Emotional stress lights up
same region on fMRI as physical pain
November 6, 2003
By C.P. Kaiser
the ache of a broken heart has been the domain of poets, while
the pain of a broken bone has fallen to the care of doctors. But
new research has found that they are neural cousins, showing activation
of similar brain regions.
Functional MRI tracked the brain activation patterns of college
students who thought they were being snubbed socially. The regions
of the brain they used to soothe the pain of exclusion are known
to be involved with dampening physical pain as well.
ìBecause of the adaptive value of mammalian social bonds, the
social attachment system, which keeps the young near caregivers,
may have piggybacked onto the physical pain system to promote
survival,î the authors wrote. The study was published in the Oct.
10 issue of Science.
Naomi I. Eisenberger, Ph.D., and colleagues from the University
of California, Los Angeles and Macquarie University in Sydney,
Australia, believe that drugs can be targeted to these regions
to help patients with extreme cases of social anxiety or depression.
The researchers acquired three fMR scans of nine female and four
male college students while they played a virtual ball-tossing
game. Participants were told they were playing with two other
players also undergoing fMR scans, but they were actually playing
against a preprogrammed computer.
For the first scan (implicit social exclusion), researchers told
the participants that technical difficulties would allow them
only to watch the other ìplayers.î The second scan was a control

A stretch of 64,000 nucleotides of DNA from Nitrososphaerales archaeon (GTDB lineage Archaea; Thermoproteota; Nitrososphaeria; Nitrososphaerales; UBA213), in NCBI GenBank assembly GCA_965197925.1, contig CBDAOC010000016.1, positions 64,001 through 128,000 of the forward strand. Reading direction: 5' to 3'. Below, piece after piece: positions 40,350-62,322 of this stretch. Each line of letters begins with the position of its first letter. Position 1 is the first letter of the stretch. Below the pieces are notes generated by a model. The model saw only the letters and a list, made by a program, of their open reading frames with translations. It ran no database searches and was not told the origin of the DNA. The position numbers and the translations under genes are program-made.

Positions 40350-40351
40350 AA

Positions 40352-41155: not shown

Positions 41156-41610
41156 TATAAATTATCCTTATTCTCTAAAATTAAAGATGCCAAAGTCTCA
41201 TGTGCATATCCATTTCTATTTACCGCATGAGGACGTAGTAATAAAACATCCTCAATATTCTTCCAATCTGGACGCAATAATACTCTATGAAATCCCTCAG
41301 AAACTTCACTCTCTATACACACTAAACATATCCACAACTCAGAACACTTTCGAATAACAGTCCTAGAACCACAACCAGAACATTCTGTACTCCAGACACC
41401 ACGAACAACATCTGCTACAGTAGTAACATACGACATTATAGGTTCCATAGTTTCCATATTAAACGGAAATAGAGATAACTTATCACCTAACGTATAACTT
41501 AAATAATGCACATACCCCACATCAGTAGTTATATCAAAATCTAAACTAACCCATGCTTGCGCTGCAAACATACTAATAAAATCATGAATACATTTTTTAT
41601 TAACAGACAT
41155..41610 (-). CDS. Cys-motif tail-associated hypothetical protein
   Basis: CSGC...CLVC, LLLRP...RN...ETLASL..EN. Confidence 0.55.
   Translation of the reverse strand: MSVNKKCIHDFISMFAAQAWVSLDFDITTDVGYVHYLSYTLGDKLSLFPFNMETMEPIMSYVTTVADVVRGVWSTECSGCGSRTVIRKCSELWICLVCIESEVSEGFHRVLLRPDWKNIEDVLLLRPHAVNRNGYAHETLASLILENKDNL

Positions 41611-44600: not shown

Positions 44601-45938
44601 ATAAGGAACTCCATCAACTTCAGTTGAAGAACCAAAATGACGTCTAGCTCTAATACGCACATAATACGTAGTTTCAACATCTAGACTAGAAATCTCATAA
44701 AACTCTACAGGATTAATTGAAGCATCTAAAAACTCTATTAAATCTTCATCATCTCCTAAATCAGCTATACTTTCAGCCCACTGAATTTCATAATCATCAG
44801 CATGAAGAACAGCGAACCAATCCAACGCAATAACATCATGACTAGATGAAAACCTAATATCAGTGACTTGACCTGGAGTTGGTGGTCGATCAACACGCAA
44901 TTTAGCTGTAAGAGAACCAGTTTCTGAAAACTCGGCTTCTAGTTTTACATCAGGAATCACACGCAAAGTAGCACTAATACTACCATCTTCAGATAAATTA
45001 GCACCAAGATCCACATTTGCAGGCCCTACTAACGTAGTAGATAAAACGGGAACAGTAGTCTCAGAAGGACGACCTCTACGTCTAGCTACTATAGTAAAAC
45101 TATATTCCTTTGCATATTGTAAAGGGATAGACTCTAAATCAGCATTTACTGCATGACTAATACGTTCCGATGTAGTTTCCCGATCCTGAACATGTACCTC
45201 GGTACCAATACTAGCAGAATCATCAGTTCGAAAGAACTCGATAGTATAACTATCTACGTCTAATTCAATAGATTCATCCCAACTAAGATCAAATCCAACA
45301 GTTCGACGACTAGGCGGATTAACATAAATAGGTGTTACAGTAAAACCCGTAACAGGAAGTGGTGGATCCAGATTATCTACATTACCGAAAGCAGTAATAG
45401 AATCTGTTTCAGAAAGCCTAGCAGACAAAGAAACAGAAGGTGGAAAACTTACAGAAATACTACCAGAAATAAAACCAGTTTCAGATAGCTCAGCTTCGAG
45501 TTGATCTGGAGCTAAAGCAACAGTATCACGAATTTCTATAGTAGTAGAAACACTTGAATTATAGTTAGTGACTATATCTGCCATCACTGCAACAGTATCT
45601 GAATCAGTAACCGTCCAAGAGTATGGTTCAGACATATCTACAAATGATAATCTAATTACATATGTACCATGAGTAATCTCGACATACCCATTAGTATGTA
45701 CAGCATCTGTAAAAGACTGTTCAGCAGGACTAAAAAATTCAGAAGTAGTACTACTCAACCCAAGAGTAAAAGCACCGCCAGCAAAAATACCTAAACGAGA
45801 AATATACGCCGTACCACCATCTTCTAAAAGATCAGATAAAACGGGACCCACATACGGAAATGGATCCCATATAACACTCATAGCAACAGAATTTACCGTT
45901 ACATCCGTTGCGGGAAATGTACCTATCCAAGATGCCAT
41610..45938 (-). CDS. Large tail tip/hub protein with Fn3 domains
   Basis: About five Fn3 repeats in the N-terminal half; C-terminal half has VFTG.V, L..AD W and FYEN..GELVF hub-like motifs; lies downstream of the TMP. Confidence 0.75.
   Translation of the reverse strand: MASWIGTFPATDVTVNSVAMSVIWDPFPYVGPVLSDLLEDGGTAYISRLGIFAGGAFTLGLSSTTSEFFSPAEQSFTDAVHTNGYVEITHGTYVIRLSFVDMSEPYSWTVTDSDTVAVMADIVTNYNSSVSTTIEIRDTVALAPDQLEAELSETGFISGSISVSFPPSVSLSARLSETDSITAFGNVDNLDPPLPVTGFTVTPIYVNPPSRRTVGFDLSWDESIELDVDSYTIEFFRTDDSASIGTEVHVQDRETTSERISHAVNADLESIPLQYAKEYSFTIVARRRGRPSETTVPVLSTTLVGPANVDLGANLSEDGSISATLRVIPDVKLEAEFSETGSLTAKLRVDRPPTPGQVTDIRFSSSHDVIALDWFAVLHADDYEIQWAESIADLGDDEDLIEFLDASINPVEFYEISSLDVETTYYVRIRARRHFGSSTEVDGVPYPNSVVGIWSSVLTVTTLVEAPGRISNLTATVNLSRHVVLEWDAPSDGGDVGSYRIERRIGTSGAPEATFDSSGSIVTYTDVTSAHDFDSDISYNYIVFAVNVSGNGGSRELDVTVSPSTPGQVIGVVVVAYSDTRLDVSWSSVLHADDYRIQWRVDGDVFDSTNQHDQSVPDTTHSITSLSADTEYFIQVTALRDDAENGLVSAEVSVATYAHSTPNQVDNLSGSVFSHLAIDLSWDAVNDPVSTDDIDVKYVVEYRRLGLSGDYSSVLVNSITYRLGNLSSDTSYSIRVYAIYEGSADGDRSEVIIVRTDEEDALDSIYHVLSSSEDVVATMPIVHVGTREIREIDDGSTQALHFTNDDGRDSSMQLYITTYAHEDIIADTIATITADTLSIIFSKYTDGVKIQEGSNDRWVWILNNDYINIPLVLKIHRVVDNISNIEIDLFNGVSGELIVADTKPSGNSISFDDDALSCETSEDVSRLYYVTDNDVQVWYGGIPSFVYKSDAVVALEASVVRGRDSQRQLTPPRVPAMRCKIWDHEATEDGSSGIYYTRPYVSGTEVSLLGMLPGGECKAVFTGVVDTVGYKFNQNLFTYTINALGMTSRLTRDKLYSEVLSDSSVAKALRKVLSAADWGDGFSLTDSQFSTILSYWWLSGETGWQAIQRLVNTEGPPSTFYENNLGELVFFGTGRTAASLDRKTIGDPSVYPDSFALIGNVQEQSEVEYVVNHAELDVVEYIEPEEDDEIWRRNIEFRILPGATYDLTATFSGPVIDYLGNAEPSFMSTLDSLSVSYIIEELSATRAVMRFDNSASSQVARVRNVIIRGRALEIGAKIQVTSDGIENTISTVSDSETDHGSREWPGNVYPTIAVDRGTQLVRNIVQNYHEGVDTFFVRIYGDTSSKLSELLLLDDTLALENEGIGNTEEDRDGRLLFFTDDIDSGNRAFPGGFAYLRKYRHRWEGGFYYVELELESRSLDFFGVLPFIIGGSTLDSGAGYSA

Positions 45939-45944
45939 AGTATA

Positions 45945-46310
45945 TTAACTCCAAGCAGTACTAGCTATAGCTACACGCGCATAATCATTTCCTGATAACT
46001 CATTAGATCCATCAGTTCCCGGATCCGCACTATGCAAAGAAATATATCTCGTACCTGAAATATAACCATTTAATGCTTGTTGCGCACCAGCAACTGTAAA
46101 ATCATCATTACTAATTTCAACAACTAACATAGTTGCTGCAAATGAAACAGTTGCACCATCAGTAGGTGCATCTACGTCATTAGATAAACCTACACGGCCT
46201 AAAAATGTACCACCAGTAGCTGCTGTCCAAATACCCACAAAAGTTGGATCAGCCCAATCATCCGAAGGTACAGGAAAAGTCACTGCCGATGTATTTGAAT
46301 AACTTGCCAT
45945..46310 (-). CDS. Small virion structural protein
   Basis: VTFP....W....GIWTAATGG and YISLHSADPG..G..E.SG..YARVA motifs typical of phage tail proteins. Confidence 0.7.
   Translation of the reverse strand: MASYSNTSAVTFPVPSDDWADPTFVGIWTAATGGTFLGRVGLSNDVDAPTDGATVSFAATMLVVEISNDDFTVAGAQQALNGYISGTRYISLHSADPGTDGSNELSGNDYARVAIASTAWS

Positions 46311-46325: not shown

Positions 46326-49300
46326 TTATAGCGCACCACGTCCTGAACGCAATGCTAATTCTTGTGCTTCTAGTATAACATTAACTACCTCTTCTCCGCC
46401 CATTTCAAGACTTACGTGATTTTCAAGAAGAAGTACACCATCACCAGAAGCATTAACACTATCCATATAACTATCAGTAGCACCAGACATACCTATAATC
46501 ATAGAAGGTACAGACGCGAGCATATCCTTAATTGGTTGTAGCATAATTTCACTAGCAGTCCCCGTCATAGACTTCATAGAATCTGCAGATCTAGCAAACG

scan during which players interacted without any exclusionary
For the last scan (explicit social exclusion), participants received
seven throws and were then excluded when the pre-set computer
game stopped throwing the ball to them for the remainder of the
scan (about 45 throws). Afterward, each student reported his or
her level of distress at being excluded by the other players.
During both social exclusion conditions, the anterior cingulate
cortex was more active in students who reported greater distress.
During the explicit exclusion scans, however, the right ventral
prefrontal cortex was also activated. This region, part of the
conscious thinking system, helps regulate negative emotion. Specifically,
it dampens negative effect, said coauthor Matthew D. Lieberman,
Ph.D., an assistant professor of psychology at UCLA.
For this region to be activated, however, people must consciously
think about negative emotion. In the explicit exclusion condition,
participants knew that they were being intentionally excluded.
As result, they thought about the social snub, which activated
the ventral prefrontal area to help alleviate the pain, Lieberman
No such activation was needed during the implicit exclusion phase
because participants attributed their lack of play to technical
Researchers will next use fMRI to examine how the cingulate cortex
response to a social exclusion stressor links up with the bodyís
response to other stressors. When activated too frequently, biological
bodily stress responses lead to major health risks, Lieberman
ìWe think those whose anterior cingulate is activated the most
in response to social stressors may also show the biggest biological
stress response in the body,î he said. ìThese people are more
likely to be at risk in terms of adverse health outcomes.